Tak Talk Blog- Camp Takajo – July 17, 2017

By July 17, 2017 January 4th, 2019 Tak Talk
Camp Takajo in Naples, Maine summer camp for boys

Last night, Camp Takajo came together in the MJG Playhouse to watch the Senior Big Show, Catch Me If You Can. When founder Morty Goldman started Takajo in 1947, the first indoor building he built was the playhouse, which was completed in 1952. Morty used to refer to this building as the “hub of camp.” He recognized that in order for camp to become a tight-knit community, it was necessary to have a space where the entire camp could congregate.

Camp Takajo in Naples, Maine summer camp for boysThis iconic building was designed by an art counselor from Sweden named John Denerlein. Our playhouse was the first building in the United States that was designed using all wooden trusses. This design caught the attention of many architects when it was featured in Fortune Magazine in 1953.

While Takajo is known for its broad sports program, picturesque waterfront and vast array of hobbies, our theater program is the only one that brings the entire camp together for a single event. I am always amazed that while our campers maintain an active program, they still manage to carve out the time needed to learn their lines and rehearse for this performance. While our Seniors performed beautifully, had impeccable timing, and sang to the audience’s delight, it was a Junior camper whose performance stole the show. Theater is this young man’s passion; and, in an effort to cultivate that passion, he was allowed the opportunity to perform with our older campers. His incredible talent and passion for the arts put smiles on the faces of the on-looking audience.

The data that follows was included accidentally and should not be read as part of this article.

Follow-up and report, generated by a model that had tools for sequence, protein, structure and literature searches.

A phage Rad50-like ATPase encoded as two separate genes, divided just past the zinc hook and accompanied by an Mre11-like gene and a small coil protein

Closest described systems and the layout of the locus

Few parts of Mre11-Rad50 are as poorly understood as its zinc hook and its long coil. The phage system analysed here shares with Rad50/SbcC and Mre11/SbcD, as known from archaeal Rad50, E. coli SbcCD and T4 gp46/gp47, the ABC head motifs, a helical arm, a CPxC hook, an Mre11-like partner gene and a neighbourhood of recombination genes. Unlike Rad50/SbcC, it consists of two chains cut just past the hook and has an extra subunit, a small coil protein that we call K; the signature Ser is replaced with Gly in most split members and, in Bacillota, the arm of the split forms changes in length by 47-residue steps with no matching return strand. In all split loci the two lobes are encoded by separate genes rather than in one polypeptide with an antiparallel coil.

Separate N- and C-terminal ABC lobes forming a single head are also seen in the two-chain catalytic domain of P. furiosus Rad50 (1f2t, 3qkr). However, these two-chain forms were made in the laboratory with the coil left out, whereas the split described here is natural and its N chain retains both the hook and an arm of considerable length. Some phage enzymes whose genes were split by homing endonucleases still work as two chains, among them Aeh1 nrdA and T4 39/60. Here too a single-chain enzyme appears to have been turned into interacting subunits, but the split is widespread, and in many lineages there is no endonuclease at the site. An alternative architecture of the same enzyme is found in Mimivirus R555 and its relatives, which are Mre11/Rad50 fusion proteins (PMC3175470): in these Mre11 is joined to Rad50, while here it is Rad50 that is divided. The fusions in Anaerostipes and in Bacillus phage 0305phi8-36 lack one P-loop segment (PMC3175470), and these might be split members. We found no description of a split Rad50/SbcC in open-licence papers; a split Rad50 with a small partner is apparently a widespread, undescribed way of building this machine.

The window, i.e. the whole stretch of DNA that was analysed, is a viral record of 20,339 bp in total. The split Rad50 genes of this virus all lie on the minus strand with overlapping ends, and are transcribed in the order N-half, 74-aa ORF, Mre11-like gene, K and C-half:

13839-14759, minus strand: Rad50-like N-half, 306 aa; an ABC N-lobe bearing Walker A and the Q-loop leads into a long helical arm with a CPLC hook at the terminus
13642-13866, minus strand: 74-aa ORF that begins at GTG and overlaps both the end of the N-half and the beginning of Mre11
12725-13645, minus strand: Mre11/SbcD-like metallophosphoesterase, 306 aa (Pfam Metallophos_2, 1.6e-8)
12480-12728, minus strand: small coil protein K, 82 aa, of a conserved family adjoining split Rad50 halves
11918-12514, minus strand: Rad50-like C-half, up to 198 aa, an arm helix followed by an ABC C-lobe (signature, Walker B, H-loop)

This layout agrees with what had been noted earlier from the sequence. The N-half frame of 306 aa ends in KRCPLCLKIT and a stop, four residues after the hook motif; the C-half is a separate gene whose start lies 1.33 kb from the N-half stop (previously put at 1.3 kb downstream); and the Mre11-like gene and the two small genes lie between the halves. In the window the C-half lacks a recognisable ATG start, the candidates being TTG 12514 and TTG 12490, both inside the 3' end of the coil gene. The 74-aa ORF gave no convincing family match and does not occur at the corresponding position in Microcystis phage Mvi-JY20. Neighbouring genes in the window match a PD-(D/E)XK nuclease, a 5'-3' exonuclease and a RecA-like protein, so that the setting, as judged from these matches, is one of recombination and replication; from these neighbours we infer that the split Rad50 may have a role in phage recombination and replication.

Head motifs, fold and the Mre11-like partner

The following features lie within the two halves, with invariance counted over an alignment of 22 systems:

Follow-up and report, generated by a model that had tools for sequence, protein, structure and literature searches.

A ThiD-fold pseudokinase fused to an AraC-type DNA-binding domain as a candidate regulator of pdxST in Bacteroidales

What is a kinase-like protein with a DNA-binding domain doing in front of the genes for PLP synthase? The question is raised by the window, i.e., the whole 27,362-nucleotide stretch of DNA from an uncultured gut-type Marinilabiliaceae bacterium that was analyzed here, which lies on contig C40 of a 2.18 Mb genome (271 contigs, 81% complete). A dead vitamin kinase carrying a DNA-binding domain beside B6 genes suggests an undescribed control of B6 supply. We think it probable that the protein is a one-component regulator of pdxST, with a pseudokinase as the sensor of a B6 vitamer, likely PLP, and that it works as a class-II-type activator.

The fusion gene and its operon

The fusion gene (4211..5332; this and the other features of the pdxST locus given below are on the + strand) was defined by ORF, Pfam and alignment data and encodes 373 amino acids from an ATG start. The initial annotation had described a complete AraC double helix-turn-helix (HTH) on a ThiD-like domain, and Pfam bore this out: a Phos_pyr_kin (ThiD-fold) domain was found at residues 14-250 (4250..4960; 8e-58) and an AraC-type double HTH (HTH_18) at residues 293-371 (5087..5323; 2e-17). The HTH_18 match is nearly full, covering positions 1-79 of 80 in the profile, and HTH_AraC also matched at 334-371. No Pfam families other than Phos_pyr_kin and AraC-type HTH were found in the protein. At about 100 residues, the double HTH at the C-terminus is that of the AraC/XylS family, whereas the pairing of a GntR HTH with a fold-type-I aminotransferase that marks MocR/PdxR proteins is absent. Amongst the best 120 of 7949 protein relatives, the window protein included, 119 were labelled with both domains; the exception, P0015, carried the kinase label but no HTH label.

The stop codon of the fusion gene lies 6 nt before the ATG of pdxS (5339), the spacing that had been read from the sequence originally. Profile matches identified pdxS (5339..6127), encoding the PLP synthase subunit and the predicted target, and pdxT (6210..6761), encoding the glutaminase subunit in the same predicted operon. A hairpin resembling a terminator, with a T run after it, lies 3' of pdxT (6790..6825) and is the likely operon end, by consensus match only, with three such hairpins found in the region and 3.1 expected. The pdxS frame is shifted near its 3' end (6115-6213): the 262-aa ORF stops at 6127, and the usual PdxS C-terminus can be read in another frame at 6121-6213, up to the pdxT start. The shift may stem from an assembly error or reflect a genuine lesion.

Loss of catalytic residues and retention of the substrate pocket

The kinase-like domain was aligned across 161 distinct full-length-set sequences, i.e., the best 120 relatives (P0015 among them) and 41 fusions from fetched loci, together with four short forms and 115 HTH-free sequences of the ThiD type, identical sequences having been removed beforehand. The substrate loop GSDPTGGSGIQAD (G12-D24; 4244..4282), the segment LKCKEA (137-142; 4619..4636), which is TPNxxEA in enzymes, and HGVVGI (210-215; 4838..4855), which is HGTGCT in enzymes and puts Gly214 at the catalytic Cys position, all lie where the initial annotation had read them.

Camp Takajo in Naples, Maine summer camp for boysAs is customary at the end of any full camp event, the Okees (our oldest boys in camp) led everyone in singing the camp’s alma mater. With each passing camp-wide event, I take great delight in watching our youngest campers, who have learned the words to our camp song and now sing it with pride.

In addition to the play occurring last night, our thirteen and fifteen-and-under basketball teams participated in a neighboring camp’s annual basketball tournament today. It is never easy to play in front of someone else’s home crowd, but our competitors held their heads high and played with grit and determination. In the end, both of our teams came up just short.

Despite the loss, the boys learned a valuable lesson. They learned that sometimes losing with grace and dignity can show the true measure of a person’s character more than a lopsided victory ever could. As the bus pulled back into camp after a long day of competition, our thirteen and fifteen-year-old basketball players exited the bus as one team. Looking at the faces of the players exiting the bus, it was difficult to differentiate if they had won or lost. Our boys were just happy to be back “home.”